“Local esport tournaments require support from both local sponsors and sports associations to succeed,” reads the report. “While on a global level, esports has received a lot of attention from mainstream media, locally, many tournament organizers still struggle to find parties willing to participate in setting up events. Publishers will have to play a role in connecting local esports activities with the larger regional and global championships.”

Better regulation

Esports is already on its way to generating $465 million in revenue by 2017, and that number could balloon even faster now that daily-fantasy companies like FanDuel and DraftKings are involved. But with that influx of cash also comes the potential for corruption.

“With multimillion dollar prize pools now at stake, and increasing amounts of money being bet on the outcome of these games, new rules and regulations are needed to combat cheating and match fixing,” reads the Newzoo report.

ESL, one of the world’s largest esports organizers, has already implemented a drug-testing policy. And Unikrn, a pro-gaming wagering company, tracks data to try to ensure that players aren’t throwing matches. But none of these things are universal yet — and even when they exist, they aren’t perfect.

“Regulatory structures have not always been able to keep up with the explosive growth of esports,” reads the Newzoo post. “An incidence with performance-enhancing drugs was inevitable, but how will organizers handle drug testing going forward? Meanwhile, esports is a nonconformist world that may find it difficult to accept strict regulations and authority.”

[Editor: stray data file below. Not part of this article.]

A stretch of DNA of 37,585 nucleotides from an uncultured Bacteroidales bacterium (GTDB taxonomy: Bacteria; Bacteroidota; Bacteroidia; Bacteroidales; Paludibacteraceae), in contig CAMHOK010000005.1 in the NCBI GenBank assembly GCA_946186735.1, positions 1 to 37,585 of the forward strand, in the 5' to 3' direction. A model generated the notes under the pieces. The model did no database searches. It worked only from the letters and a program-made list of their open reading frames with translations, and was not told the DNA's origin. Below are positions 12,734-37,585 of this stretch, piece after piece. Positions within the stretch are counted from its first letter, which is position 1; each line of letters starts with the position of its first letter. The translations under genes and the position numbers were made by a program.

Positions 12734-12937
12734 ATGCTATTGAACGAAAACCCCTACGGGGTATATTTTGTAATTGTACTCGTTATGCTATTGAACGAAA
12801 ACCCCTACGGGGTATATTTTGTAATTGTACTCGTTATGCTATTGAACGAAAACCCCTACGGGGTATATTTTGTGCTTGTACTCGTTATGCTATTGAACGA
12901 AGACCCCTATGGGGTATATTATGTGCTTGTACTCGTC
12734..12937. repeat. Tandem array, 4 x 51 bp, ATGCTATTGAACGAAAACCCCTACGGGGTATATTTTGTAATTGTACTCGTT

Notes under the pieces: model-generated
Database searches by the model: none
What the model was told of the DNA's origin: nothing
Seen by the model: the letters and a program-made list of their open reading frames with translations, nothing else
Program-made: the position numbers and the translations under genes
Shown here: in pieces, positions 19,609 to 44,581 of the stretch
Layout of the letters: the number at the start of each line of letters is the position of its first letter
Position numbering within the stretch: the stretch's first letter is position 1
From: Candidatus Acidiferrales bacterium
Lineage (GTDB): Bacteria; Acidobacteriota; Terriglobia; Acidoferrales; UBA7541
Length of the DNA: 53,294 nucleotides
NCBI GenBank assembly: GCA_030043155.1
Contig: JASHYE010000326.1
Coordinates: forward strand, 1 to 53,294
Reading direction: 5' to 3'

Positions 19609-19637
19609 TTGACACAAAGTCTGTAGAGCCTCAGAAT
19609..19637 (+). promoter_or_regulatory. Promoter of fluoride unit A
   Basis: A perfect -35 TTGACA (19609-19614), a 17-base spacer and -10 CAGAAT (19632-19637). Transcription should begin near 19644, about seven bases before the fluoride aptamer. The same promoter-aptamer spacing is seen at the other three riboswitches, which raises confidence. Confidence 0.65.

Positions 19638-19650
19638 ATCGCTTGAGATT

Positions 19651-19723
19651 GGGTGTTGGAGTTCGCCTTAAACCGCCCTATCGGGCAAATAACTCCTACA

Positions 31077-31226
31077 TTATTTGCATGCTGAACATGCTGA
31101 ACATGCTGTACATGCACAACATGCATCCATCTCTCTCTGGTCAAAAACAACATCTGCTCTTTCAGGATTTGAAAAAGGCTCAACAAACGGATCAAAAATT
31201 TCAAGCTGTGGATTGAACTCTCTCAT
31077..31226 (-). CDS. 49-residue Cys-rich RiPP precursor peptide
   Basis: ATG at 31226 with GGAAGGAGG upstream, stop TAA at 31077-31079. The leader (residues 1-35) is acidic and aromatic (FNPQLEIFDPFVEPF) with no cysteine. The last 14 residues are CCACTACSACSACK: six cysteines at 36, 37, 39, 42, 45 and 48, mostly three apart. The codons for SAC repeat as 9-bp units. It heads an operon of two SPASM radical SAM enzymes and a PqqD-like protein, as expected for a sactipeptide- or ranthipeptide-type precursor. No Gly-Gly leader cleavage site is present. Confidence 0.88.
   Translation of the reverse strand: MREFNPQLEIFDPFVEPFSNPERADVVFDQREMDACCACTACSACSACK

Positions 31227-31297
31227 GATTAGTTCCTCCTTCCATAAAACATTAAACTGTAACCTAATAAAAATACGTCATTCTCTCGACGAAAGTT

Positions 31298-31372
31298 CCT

Settling the ownership of media rights

The media right for the National Football League earn that organization billions of dollars each year. That’s because Fox, CBS, and ESPN have to pay a serious amount of cash for the rights to air those games. Esports, however, has not valued its media rights in the same way.

“Thus far, content rights have not really been a focus for publishers, as fan-generated content has served as free advertising for their games,” reads Newzoo’s post. “As direct esports revenues grow, this may change.”

But the intelligence firm points out that it’s unclear how this will work, but it also recognizes that media rights are a secondary concern for developers and publishers for a reason.

“Nobody owns a sport like baseball or football,” reads the report. “The fact that companies like Riot Games own the game that is played makes esports a more complex ecosystem. In the traditional media space, media rights are sold country-by-country, maximizing local and global revenues. For esports, this structure may not be possible for many reasons.”

More esports through traditional media outlets

Finally, Newzoo says that esports needs to align its digital and traditional media strategies. Yes, League of Legends, Dota 2, and Counter-Strike: Global Offensive are all enormous on Twitch and other video sites. But they have little-to-no presence on the potentially more lucrative mediums like television — although that is starting to change.

TBS will air Counter-Strike: Global Offensive matches on Fridays for 20 weeks in 2016, and ESPN has already covered Heroes of the Storm and Dota 2. Hell, SportsCenter even talked a bit about the Evo fighting-game tournament.